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are well aware that this consequence, which inspires such violent loathing among French minds, comes back as an objection against the ideas from which it came. The ideas in the process of being born and evolving among physicists therefore pose an important problem. This problem may be stated as fol­ lows: Is logical incoherence legitimate in theoretical physics? Or again, in a more explicit way, in the following manner: Is it legitimate toformulate sev­ eral distinct groups o f experimental laws, or even a single group o f laws, by means ofseveral theories, each o f which rests on hypotheses irreconcilable with those that support the others? To this question, we do not hesitate to respond, as we have already:21 IF VVE R E ST R IC T OURSELVES T O INVOKING CONSIDERATIONS O F PURE L O G IC ,

we cannot prevent a physicistfrom representing different sets o f laws, or even a single group o f laws, by several irreconcilable theories. One cannot condemn incoherence in the development o f physical theory. In fact, if we admit, as we have sought to establish, that a physical the­ ory is nothing but a classification of a group of experimental laws, how can we extract, from the laws of logic, the right to condemn a physicist who employs different procedures of classification to coordinate different groups of laws, or who proposes differing classifications resulting from different methods for one group of laws? Does logic forbid naturalists to classify one group of animals according to the structure of the nervous sys­ tem and another group according to the structure of the circulatory sys­ tem? Would a malacologist be absurd to simultaneously set forth the classification of Bouvier, who classified mollusks by the arrangement of their network of nerves, and that of Remy Perrier, who based his compar­ isons on the study of the organ of Bojanus?22 Thus, logically, the physicist should have the right to regard matter as continuous in one place and envi­ sion it as formed from separate atoms in another; to explain capillary action by means of attractive forces acting between stationary particles, and to endow these same articles with rapid motion to take account of the effects of heat. None of these disparities violates the principles of logic. Clearly, logic imposes only a single obligation on physicists, and that is not to mix their different procedures of classification. When physicists establish a certain relationship between two laws [they are obliged] to say precisely which among the methods they use justifies this relationship. In 21. [Chapter 1 of this volume], section 8. 22. [The excretory organ of a lamellibranch (named for the Alsatian zoologist L. H. Bojanus).]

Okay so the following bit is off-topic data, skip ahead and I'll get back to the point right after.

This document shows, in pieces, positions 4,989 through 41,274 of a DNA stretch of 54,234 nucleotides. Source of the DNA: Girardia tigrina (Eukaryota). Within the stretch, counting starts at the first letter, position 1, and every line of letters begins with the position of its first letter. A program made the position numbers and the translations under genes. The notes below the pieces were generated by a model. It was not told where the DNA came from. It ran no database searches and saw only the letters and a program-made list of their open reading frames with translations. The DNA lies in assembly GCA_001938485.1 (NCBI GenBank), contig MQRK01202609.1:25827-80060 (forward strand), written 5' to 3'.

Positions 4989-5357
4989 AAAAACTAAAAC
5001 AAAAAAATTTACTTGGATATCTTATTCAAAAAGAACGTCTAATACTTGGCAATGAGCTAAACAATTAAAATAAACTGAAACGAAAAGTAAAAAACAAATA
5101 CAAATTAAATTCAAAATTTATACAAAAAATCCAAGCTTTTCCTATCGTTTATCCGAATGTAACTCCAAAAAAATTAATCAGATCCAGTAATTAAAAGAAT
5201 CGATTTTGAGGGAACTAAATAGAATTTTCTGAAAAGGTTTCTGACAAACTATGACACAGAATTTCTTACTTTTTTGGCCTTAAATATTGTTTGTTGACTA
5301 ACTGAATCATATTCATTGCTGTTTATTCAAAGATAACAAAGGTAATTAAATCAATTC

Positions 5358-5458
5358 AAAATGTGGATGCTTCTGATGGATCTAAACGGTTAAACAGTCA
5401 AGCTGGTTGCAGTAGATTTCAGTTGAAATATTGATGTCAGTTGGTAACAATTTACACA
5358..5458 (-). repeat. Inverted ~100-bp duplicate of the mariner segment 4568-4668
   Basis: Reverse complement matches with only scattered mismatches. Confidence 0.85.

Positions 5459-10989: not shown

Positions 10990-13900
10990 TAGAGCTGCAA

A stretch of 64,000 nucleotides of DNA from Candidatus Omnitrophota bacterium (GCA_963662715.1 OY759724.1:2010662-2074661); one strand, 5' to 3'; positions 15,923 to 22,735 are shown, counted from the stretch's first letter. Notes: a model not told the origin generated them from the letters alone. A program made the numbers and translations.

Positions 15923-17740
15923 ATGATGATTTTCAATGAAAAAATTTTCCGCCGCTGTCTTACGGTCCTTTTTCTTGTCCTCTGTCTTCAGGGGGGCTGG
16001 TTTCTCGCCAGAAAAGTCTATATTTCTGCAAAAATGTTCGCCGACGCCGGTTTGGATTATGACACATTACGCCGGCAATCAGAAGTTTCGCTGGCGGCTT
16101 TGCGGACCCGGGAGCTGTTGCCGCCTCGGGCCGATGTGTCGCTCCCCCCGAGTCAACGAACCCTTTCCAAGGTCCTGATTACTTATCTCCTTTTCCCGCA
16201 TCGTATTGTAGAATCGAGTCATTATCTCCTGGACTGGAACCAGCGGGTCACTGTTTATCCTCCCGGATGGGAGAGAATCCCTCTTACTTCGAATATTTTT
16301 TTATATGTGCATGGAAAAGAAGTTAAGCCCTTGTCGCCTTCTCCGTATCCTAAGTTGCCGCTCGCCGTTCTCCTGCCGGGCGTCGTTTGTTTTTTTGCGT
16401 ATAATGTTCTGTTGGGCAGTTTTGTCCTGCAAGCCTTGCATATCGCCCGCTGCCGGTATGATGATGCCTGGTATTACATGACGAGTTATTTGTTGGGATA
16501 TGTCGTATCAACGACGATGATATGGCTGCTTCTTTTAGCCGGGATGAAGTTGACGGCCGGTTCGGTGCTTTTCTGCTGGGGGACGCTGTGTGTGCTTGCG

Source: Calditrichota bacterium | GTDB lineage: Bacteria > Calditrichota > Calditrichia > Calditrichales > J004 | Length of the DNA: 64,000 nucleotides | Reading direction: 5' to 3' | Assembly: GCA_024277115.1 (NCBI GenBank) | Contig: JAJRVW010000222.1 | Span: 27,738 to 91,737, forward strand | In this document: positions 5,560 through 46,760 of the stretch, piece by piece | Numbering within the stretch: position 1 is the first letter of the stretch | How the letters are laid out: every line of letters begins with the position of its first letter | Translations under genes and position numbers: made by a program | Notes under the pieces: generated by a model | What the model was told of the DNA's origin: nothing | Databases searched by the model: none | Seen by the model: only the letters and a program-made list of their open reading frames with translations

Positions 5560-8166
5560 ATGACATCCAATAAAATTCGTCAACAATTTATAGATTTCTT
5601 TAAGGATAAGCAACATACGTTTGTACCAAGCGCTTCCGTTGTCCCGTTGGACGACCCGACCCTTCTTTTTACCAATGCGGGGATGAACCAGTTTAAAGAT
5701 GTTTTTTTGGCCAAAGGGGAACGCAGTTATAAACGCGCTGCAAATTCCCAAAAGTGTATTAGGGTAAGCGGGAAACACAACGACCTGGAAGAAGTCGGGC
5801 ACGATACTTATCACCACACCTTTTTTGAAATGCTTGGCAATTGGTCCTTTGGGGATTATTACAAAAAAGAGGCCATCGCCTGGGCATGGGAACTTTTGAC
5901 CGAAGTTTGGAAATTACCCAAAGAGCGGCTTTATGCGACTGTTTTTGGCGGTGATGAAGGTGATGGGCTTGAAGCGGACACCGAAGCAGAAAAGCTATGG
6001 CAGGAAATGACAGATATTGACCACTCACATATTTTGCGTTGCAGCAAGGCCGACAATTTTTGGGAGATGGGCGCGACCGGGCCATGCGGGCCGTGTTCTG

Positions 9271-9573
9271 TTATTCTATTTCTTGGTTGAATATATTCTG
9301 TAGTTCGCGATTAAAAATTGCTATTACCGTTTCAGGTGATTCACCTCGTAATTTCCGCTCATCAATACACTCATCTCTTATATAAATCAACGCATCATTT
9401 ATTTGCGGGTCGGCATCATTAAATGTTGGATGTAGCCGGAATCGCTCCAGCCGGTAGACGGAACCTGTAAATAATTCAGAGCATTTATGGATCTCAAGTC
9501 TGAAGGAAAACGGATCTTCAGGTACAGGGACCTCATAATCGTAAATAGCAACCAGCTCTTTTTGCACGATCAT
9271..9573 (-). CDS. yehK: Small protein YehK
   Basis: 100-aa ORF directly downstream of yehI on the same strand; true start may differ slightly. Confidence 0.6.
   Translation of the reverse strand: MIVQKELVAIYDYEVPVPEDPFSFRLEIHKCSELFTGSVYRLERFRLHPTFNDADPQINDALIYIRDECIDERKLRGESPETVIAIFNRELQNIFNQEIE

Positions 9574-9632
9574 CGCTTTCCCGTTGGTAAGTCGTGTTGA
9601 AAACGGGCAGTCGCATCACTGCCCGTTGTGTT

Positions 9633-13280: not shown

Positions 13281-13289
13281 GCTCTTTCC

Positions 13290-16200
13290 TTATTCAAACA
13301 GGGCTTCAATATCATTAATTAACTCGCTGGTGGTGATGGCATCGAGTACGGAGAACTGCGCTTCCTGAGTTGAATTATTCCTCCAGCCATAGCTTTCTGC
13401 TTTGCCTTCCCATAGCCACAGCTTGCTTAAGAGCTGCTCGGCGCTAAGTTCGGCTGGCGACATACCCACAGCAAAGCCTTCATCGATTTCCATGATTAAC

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a word, [physicists are obliged] as 11. Poincare put it, not to mix two con­ tradictory theories. If we invoke exclusively considerations from the domain of logic, we are therefore unable to condemn logical incoherence in physical theories. But considerations of pure logic are not the only ones that reasonably direct our judgment. The principle of contradiction is not the only one to which we would be permitted to have recourse. In order that we should legitimately reject a method, it is not necessary that [the method] be absurd. It suffices that our aim, in rejecting it, is to prefer a better method. It is by virtue of this principle that we are able to solve the difficulty which we are examin­ ing and to offer the following rule legitimately: In physical theory, we must avoid logical incoherence BECAUSE IT INJURES T H E PERFECTION OF SCIENCE. It is better, it is more perfect, to coordinate a set of experimental laws in the midst of a single theory, where all the logically connected parts fol­ low in undeniable order from a certain number of fundamental hypotheses stated once and for all, than to invoke, in classifying these same laws, a great number of irreconcilable theories, some of which rest on certain hypotheses [and] others of which rest on other hypotheses contradicting them. It is a truism that everyone admits without needing to remark on it that even those such as the English physicists or their imitators, who most gladly accept contradictory theories to take account of different laws, nev­ ertheless prefer a unique theory when they easily see the means to con­ struct it. This truism provides us with an example of the clear and selfevident principles on which the application of the experimental method depends, as I have indicated elsewhere.2'1 But although this truism is so clear and so evident that all physicists make use of it without hesitation in the course of their researches, it does not follow from it that metaphysicians do not have to take it into account; not, certainly, in order to increase clarity, which is complete, or certainty, which is intuitive, but in order to make us take hold of the relations of this principle with other principles that guide our reason and in order to dis­ arm skepticism when it has thought to undermine the foundation of phys­ ical theory. Why, therefore, is a coherent physical theory more perfect than an incoherent collection of incompatible theories, even in the eyes of those who do not value physical theories as metaphysical explanations? We must evidently judge the degree of perfection of a physical theory by the greater or lesser conformity which that theory offers to the ideal and23 23. [Chapter 2 of this volume], section 3.